India disagrees that China's current, capital account surpluses are causing global predicament
As a further indication of the fact that the pre-Summit negotiations of the G-20 are not going very smoothly, India has said that “there are no universally agreed upon diagnoses of what ails the global economy.”
Prime Minister Manmohan Singh conveyed this to British Prime Minister David Cameron, and President Philip Calderon of Mexico on Thursday during his bilateral meetings with them. This indicates that it disagrees with the United States' perception that only China's current account and capital account surpluses are to blame for the global economic predicament.
Dr. Singh also met the Prime Minister of Ethiopia in a bilateral meeting.
According to informed sources, the final G20 communiqué could run to about 70 pages, reflecting the divergent views.
It has been evident that far too many differences of opinion on key issues of who has to do what have emerged and delegates have even been heard to “raise their voices,” according to an informed source.
The main issue is an old one, namely, that the U.S. and its allies do whatever they want to and then expect others to adjust their policies accordingly. The American decision to pump in $600 billion over the next few months has left everyone jumpy as to the consequences for their economies.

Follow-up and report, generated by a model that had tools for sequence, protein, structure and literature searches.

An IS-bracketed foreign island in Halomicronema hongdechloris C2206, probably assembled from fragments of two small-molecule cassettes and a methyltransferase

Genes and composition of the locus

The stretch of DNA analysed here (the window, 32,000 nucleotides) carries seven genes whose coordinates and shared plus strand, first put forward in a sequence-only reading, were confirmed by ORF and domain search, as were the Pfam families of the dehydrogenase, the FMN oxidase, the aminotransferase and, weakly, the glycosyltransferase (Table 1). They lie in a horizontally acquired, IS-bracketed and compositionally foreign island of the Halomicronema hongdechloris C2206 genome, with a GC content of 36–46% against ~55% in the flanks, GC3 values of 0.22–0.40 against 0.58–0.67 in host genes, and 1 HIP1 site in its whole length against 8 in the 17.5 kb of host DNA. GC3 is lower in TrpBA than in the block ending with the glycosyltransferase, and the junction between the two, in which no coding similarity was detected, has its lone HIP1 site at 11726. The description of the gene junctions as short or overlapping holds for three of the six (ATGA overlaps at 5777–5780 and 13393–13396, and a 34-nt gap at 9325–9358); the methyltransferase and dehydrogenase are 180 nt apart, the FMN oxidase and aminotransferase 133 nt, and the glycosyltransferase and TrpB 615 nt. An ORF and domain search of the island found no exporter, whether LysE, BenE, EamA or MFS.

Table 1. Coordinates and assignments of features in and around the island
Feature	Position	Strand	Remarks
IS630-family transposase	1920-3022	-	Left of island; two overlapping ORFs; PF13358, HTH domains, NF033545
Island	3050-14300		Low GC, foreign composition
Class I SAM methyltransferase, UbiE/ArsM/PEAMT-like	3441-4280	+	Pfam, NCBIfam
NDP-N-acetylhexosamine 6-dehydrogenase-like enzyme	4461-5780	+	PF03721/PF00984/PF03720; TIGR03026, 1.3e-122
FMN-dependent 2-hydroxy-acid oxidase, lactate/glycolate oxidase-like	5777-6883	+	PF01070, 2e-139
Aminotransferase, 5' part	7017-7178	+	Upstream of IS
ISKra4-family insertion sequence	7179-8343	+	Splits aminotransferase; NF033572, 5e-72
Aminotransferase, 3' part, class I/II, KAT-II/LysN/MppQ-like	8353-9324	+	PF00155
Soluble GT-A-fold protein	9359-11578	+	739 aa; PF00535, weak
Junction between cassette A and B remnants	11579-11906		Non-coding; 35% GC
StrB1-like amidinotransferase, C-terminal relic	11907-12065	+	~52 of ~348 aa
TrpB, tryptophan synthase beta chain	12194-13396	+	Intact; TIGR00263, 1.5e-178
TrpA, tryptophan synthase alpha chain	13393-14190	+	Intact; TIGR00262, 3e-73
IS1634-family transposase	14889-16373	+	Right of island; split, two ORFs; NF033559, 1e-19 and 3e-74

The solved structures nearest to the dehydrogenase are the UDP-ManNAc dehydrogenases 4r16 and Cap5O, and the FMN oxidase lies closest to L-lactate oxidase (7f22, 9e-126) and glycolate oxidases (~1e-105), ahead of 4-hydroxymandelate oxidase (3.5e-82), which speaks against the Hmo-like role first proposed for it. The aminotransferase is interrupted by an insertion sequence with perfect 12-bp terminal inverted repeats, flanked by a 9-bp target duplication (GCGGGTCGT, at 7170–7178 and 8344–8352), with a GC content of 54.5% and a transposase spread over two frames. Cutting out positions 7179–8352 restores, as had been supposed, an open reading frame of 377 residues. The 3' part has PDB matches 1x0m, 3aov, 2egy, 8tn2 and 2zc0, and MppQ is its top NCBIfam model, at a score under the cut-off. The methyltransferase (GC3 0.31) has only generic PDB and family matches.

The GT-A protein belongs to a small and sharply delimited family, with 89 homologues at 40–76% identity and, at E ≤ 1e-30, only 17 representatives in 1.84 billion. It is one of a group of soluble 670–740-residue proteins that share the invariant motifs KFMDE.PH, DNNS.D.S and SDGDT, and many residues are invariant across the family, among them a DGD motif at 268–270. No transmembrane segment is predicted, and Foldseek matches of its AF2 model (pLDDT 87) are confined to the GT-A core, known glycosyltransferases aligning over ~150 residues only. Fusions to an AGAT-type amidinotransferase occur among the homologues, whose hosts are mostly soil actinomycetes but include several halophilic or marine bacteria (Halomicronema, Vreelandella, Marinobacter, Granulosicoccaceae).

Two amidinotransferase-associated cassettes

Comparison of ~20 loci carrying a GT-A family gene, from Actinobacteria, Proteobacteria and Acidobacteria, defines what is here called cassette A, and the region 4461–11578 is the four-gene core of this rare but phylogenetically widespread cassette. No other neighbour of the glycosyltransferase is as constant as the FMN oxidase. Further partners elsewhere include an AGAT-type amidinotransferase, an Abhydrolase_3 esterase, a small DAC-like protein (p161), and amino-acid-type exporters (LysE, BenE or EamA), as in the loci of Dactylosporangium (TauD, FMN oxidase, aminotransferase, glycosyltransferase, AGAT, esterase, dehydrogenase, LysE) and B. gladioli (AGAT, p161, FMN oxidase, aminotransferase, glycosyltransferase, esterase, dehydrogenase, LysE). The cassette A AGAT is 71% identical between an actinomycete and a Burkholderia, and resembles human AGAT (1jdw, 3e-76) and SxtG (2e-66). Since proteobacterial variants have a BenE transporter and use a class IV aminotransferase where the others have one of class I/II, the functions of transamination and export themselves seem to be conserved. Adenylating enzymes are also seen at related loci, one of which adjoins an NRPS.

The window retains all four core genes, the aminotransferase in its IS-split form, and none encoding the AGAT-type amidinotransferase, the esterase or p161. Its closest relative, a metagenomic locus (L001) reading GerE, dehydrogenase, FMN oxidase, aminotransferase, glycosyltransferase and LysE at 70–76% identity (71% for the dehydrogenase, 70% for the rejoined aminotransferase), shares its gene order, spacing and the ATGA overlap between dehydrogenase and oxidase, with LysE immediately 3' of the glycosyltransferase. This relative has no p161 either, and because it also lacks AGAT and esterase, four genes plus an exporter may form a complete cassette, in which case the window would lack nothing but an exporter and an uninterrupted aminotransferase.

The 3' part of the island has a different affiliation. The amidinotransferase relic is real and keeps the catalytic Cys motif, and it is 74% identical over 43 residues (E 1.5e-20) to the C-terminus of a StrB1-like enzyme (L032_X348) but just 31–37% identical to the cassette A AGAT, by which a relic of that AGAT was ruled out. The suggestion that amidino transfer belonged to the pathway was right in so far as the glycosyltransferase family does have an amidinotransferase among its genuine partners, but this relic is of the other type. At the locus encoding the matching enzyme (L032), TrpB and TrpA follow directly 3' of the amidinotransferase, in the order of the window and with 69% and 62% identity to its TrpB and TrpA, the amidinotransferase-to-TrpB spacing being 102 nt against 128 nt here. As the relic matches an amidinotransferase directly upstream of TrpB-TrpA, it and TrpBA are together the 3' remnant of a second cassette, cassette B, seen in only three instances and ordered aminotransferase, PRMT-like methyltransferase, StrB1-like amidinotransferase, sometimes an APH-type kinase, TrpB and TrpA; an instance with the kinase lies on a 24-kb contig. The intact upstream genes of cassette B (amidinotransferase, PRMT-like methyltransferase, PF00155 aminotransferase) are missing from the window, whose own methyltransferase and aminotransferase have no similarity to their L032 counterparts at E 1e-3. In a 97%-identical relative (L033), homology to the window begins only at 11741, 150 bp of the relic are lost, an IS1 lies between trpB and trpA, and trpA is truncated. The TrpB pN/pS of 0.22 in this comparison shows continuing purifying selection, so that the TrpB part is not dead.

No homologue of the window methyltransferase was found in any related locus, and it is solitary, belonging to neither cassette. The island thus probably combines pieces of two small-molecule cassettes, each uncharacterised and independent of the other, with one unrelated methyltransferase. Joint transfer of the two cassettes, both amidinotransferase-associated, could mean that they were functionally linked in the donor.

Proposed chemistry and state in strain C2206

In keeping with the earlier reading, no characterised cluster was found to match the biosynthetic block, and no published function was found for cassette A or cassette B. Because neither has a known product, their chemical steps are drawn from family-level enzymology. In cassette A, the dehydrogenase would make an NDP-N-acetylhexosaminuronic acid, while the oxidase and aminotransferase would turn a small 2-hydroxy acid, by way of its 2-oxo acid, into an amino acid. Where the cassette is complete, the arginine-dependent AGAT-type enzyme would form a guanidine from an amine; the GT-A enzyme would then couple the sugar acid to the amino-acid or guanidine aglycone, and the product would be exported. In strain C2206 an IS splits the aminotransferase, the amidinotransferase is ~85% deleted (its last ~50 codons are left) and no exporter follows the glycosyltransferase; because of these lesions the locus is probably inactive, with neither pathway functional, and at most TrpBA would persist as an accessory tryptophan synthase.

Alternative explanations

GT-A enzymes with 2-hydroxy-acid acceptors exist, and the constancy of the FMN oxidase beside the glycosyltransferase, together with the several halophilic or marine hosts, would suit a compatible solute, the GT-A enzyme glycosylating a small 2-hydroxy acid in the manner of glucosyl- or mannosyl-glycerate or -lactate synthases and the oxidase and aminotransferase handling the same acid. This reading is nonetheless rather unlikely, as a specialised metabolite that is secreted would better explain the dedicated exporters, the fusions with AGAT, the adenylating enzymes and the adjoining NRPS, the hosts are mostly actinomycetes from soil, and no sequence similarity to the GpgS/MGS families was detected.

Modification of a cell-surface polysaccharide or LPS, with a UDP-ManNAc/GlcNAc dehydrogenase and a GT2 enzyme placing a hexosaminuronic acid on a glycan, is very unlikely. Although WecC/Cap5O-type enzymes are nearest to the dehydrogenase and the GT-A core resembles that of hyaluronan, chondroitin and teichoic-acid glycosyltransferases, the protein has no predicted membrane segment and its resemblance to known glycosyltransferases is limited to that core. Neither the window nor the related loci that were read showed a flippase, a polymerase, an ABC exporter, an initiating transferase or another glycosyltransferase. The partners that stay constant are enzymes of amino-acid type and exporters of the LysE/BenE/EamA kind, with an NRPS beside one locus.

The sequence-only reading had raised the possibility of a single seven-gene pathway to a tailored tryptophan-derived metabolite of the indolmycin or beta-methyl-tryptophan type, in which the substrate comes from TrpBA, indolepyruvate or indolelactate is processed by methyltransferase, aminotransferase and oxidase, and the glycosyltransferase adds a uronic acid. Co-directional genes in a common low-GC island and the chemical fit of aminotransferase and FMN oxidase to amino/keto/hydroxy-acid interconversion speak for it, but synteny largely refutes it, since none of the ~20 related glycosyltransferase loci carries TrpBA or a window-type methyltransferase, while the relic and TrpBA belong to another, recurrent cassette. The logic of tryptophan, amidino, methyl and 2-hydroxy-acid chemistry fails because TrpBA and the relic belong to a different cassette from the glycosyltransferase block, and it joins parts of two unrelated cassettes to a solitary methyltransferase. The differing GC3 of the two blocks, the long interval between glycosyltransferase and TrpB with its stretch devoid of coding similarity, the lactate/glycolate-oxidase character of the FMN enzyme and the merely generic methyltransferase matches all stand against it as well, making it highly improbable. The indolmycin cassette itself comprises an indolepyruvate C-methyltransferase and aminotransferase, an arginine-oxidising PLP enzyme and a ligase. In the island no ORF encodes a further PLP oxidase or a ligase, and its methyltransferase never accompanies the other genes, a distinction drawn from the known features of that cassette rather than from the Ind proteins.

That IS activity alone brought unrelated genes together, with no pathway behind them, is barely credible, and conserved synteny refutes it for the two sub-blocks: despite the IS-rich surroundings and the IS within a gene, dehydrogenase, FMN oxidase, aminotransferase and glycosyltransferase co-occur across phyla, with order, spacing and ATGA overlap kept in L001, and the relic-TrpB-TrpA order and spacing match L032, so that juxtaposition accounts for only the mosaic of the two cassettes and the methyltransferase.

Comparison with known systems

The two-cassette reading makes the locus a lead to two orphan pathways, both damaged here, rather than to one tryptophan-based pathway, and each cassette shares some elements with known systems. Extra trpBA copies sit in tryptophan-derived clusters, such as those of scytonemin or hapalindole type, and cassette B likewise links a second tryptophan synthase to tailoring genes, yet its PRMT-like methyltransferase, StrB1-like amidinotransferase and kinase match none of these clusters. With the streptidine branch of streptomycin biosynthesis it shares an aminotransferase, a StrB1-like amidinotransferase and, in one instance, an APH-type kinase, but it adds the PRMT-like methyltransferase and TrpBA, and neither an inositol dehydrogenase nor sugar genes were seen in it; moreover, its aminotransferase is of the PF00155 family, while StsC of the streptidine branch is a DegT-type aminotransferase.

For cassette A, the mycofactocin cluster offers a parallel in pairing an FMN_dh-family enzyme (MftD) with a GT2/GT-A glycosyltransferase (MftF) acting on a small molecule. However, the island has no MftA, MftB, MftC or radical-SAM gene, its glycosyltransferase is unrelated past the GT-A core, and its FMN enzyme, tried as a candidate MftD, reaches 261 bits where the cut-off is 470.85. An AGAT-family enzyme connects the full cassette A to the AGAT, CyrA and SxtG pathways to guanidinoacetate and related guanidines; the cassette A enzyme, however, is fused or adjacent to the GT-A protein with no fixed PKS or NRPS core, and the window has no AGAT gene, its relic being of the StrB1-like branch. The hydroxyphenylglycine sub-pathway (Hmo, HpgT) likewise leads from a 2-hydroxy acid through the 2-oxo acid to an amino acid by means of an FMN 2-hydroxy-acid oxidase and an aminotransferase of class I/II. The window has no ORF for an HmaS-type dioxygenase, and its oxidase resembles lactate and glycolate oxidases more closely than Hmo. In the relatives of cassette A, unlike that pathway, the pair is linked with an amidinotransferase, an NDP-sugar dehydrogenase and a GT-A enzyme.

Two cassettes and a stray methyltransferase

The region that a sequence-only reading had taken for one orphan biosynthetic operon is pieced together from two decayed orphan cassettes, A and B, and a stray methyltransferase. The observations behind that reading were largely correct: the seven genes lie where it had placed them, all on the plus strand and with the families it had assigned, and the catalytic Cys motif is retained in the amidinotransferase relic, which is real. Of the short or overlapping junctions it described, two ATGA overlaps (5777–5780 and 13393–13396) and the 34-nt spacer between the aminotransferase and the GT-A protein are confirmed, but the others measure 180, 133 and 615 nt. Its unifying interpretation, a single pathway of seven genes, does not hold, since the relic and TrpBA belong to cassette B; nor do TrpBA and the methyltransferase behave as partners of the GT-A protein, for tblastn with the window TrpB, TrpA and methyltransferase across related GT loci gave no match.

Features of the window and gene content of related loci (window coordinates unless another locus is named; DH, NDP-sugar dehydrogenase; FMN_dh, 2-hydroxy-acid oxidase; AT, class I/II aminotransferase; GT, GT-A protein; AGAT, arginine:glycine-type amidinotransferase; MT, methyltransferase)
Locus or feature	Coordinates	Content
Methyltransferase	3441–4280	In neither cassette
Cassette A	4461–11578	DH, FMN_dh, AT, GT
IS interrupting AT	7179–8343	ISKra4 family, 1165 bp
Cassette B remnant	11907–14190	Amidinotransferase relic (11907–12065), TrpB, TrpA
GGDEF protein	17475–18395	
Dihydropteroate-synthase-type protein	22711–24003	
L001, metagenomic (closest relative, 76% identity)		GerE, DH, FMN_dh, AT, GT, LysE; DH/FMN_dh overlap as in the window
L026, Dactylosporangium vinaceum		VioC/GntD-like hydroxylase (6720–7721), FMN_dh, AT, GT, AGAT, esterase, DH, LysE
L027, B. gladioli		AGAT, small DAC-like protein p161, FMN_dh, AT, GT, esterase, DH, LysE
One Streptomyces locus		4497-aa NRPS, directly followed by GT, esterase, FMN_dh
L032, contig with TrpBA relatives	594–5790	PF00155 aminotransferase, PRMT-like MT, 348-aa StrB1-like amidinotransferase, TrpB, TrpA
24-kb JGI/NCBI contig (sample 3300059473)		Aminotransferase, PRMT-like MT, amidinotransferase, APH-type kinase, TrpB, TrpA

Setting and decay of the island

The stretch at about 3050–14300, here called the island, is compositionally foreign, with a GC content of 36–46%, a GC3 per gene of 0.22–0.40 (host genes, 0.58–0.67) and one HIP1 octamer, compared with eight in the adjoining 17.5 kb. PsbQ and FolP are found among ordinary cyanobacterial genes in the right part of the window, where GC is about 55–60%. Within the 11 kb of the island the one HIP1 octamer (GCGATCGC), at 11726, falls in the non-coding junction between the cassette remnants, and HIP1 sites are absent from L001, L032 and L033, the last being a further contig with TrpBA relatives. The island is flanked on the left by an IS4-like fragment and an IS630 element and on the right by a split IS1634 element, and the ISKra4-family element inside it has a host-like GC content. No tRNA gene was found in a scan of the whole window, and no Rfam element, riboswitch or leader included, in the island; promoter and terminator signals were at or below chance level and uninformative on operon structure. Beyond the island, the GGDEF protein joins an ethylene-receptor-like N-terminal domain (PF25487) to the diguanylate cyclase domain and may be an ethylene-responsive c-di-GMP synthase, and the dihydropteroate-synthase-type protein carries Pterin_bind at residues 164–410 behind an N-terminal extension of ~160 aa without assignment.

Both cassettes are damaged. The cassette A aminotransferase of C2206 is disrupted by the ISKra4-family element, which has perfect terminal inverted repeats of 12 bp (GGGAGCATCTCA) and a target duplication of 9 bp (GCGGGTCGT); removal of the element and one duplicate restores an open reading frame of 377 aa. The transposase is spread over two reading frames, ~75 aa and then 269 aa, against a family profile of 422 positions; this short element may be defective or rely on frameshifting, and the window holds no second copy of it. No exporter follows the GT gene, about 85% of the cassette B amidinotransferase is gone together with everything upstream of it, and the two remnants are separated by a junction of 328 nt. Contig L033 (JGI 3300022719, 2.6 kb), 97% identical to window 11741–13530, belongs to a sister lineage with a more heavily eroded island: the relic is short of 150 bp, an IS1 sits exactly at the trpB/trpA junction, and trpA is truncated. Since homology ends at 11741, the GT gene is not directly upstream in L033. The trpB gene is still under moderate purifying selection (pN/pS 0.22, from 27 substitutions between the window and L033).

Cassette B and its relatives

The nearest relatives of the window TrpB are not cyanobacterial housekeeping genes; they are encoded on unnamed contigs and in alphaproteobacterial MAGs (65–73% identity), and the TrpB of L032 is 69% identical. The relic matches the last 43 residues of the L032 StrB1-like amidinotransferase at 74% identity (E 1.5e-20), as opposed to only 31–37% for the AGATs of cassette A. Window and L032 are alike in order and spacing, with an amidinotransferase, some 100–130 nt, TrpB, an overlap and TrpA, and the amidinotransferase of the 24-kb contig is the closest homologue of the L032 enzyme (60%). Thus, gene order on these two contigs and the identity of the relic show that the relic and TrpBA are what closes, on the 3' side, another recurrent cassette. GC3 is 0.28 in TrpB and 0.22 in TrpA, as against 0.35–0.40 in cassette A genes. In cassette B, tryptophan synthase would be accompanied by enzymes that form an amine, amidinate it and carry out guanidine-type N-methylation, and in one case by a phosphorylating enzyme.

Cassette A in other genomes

Brazil has already spoken out sharply against this. A Chinese official said on television that if America catches a cold it can't look for Chinese medicines.
China has already taken pre-emptive action against capital surges by asking Chinese banks to deposit more money with the Central bank. Many G-20 members have already put sand in the machine so that destabilising dollar inflows do not cause problems for them.
As a result of the U.S. decision, there are not many takers for the latest American proposal which seeks, as it were, to walk on four legs. In a letter to the G20, U.S. Treasury Secretary Timothy Geithner, along with Tharman Shanmugaratnam, Singapore Finance Ministerand Wayne Swan, Finance Minister of Australia, have spelt out the four things that the world needs to do.
First, they say, global economic growth must be strengthened; second, in a manner of reminiscent of national policies, they say, global growth must also be balanced across countries so that some countries do not grow at a breakneck speed, while others languish; third, the first two objectives require the world to create “a new framework for cooperation to allow exchange rates to reflect economic fundamentals and support needed structural reforms;” and fourth, no protectionism, please.
The first and the last items are the only ones on which there is no disagreement. But the second and third suggestions are causing problems.
Informed sources told Business Line that India is sitting pretty during all these negotiations as it does what economic theory prescribes, namely, run a deficit on the current account which is financed by a surplus on the capital account. This is in contrast to “some countries” which run a surplus on both accounts.
India is, therefore, focusing on development by asking the developed world to invest in infrastructure in the developing countries. This is a relatively non-controversial issue.
However, India is being asked to endorse the currency adjustment suggestions and is looking for alternative and more ambiguous wording.